Fig. 2: sucrose molecules contain 12 carbon atoms
USP<643> does not mandate the measurement technology that should be used to measure TOC, just that whatever is used should have a manufacturer’s specified limit of detection of 0.05mg/L (equivalent to 0.05ppm, or 50ppb) and that it should pass the test for suitability, the System Suitability Test. USP<643> states that the analyzer should measure the TOC by oxidizing the organic molecules to produce carbon dioxide and then measure the carbon dioxide from the TOC to calculate the amount of TOC present in the sample. It does not mandate on-line or off-line instruments. It goes on to state that any technology used to measure TOC in water must be capable of discriminating between the TOC and the inorganic carbon that may be present in the sample (TIC), such as dissolved carbon dioxide that is already present in the sample or bicarbonate. This can be achieved either by purging the TIC from the sample before oxidizing the organics, or by measuring the TIC in the sample and then subtracting that from the final total carbon measurement made after the organics have been oxidized to carbon dioxide (TC).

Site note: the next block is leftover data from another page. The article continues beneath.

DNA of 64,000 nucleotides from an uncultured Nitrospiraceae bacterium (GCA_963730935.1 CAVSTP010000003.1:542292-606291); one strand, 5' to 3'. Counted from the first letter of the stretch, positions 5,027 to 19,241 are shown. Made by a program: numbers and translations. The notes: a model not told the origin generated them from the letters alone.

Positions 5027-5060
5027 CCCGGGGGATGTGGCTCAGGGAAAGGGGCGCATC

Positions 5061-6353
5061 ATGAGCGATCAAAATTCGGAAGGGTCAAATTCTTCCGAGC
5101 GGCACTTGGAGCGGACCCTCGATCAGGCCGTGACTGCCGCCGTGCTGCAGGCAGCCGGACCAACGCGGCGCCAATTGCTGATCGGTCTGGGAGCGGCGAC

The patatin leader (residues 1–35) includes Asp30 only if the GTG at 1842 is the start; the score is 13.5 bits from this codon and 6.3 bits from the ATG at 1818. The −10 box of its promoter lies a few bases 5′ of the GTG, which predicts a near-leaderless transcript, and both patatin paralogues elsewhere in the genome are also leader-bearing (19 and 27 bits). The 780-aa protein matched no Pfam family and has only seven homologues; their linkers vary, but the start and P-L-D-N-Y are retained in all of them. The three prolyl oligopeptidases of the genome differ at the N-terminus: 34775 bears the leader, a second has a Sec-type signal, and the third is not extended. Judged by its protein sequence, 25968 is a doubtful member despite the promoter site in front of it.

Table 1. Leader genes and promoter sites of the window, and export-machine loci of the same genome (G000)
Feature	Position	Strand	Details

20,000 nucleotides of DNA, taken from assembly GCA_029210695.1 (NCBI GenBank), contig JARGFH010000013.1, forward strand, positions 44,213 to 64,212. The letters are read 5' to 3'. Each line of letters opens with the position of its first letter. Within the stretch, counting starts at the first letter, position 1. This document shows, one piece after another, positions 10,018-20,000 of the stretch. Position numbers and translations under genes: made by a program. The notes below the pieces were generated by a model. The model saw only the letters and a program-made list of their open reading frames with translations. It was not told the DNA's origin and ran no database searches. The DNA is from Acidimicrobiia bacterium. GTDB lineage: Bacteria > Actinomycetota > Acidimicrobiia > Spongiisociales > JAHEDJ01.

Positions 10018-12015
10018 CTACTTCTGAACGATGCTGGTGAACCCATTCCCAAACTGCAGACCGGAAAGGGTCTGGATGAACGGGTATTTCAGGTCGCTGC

TC – TIC = TOC
Fig. 3: Some instruments measure TIC and TC and calculate TOC
Note: USP<643> does not require that TIC or TC is reported by the TOC analyzer and it also does not specify the maximum allowable level of TIC and TC in water. However, TIC present in the water will contribute to the conductivity of the water and chapter USP<645> does mandate the maximum allowable level of conductivity that the water can have, so too much TIC could mean that the water may not pass the Conductivity test laid down in USP<645>.